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Debate preview: FBI makes announcement, but not the one Trump wants
Then-FBI Director James Comey’s letter announcing the reopening of the Hillary Clinton email investigation landed in congressional inboxes four years ago next week.
Trump has since fired Comey — ostensibly for breaking protocol with that “October surprise” — but he is now calling on his new FBI chief to make a similar move. According to the Washington Post, Trump has grown “increasingly frustrated that federal law enforcement has not delivered his campaign the kind of last-minute boost that the FBI provided in 2016,” by not publicly launching an investigation into Hunter Biden for allegedly attempting to profit off of his father’s vice presidency.
The president is reportedly mulling firing Comey’s successor, Christopher Wray, after the election, for his failure to take “official action similar to the announcement made 11 days before the last presidential election” by Comey.
However, Wray did appear before the cameras Wednesday night — not to announce a Biden probe, as the president has sought, but to reveal that Russia and Iran have both obtained America voter registration data as part of attempts to influence U.S. public opinion ahead of the election.
Much of the data is publicly available, but Director of National Intelligence John Ratcliffe said that it was being “used by foreign actors to attempt to communicate false information to registered voters that they hope will cause confusion, sow chaos and undermine your confidence in American democracy.”
Ratcliffe specifically announced that Iran had been identified as the source of intimidating emails sent to Democratic voters this week. The emails had claimed to be from the Proud Boys, a pro-Trump group.
Even without backup from his G-men, Trump is still expected to hammer Joe Biden for the allegations concerning his son at their final presidential debate tonight. According to Politico, Biden is bracing for the president to attack his children, but is not expected to respond in kind, instead hoping to keep focus on the economy and the coronavirus.
According to CNN, Trump aides are advising the president to “lower the temperature” at tonight’s showdown, pointing to his recent drop in the polls after his aggressive performance at the first debate did little to change “negative impressions about his behavior among women and seniors.”
But the president’s rhetoric heading onto the debate stage has shown little signs of softening, calling for the Bidens to be jailed and referring to NBC’s Kristen Welker — tonight’s moderator — as “terrible and unfair.”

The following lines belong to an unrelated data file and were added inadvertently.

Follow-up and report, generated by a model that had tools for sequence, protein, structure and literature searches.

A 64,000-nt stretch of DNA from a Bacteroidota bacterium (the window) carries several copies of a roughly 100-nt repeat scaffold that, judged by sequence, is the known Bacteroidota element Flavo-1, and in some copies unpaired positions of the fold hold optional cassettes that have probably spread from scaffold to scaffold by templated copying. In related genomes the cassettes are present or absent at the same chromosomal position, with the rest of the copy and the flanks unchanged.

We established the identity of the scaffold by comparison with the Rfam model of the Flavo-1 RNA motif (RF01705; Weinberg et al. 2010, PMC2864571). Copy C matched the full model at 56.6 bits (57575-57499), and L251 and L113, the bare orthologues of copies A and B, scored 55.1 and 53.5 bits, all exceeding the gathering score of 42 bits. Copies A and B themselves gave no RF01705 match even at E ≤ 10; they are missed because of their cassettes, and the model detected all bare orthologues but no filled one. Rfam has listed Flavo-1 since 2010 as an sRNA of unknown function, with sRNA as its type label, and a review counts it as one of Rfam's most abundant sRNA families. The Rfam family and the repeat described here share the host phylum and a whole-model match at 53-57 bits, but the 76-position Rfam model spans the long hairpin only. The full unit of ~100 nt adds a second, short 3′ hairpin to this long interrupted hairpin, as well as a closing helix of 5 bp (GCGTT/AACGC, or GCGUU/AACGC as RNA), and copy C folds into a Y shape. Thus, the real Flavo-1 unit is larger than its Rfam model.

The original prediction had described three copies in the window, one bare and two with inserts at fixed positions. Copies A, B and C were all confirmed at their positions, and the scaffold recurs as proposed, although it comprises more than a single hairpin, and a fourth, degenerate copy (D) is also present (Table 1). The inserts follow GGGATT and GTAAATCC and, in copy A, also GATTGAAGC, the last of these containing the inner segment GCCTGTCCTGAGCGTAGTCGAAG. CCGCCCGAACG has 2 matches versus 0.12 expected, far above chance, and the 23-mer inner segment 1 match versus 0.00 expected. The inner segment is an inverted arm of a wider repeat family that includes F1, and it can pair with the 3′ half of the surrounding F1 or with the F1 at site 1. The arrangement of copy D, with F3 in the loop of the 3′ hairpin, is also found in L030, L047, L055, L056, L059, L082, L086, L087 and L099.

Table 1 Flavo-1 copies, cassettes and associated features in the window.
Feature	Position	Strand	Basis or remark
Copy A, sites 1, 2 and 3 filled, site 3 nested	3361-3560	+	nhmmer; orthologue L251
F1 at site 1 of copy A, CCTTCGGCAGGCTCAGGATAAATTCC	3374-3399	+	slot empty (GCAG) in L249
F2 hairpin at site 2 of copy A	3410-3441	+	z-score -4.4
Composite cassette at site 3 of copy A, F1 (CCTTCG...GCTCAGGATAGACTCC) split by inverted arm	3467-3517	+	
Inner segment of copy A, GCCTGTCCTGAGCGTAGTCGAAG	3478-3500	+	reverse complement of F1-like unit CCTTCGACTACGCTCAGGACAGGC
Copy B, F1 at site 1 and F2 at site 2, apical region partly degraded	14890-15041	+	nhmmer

While Biden has been off the campaign trail all week preparing for the debate, Trump had not attended any formal or informal prep sessions as of Wednesday night, according to the Wall Street Journal.
Trump has railed against a rule change that will mute the candidates’ microphones to ensure that each contender has two minutes to speak at the beginning of each segment. His campaign also urged the Commission on Presidential Debates to make tonight’s showdown solely focused on foreign policy, accusing the commission of protecting Biden from questions about his son’s overseas business ties.
The topics for the debate, which were selected by Welker, are: “Fighting COVID-19,” “American Families,” “Race in America,” “Climate Change,” “National Security,” and “Leadership.” Each topic will be discussed in 15-minute segments, which will begin with uninterrupted two-minute statements from each candidates and then morph into open discussion.
Tonight’s debate will air from 9 p.m. to 10:30 p.m. Eastern Time on all major broadcast and cable networks.
All times Eastern.
President Donald Trump and Democratic presidential nominee Joe Biden will participate in their final presidential debate at 9 p.m. Eastern Time at Belmont University in Nashville, Tennessee.
Vice President Mike Pence will deliver remarks at campaign rallies in Waterford Township, Michigan, at 12:30 p.m. and Fort Wayne, Indiana, at 4:30 p.m.
Democratic vice presidential nominee Kamala Harris will participate in a virtual “Women for Biden” rally at 4:30 p.m., along with the leaders of Planned Parenthood Action Fund, EMILY’s List, NARAL Pro-Choice America, and other pro-choice groups.
Green Party presidential nominee Howie Hawkins will hold a meet and greet in Nashville, Tennessee, at 4 p.m.
The Senate will convene at 12 p.m. and resume consideration of the nomination of Michael Jay Newman to be a U.S. District Judge for the Southern District of Ohio. The chamber will hold a procedural vote on the nomination at around 1 p.m. and likely vote on confirmation later in the day.
- The Senate Judiciary Committee will meet at 9 a.m. to vote on the nomination of Amy Coney Barrett to be an Associate Justice of the U.S. Supreme Court. The panel will also consider five other judicial nominations, the Online Content Policy Moderation Act, and a motion to subpoena the CEOs of Twitter and Facebook.
The House is not in session.
The Supreme Court is not in session.
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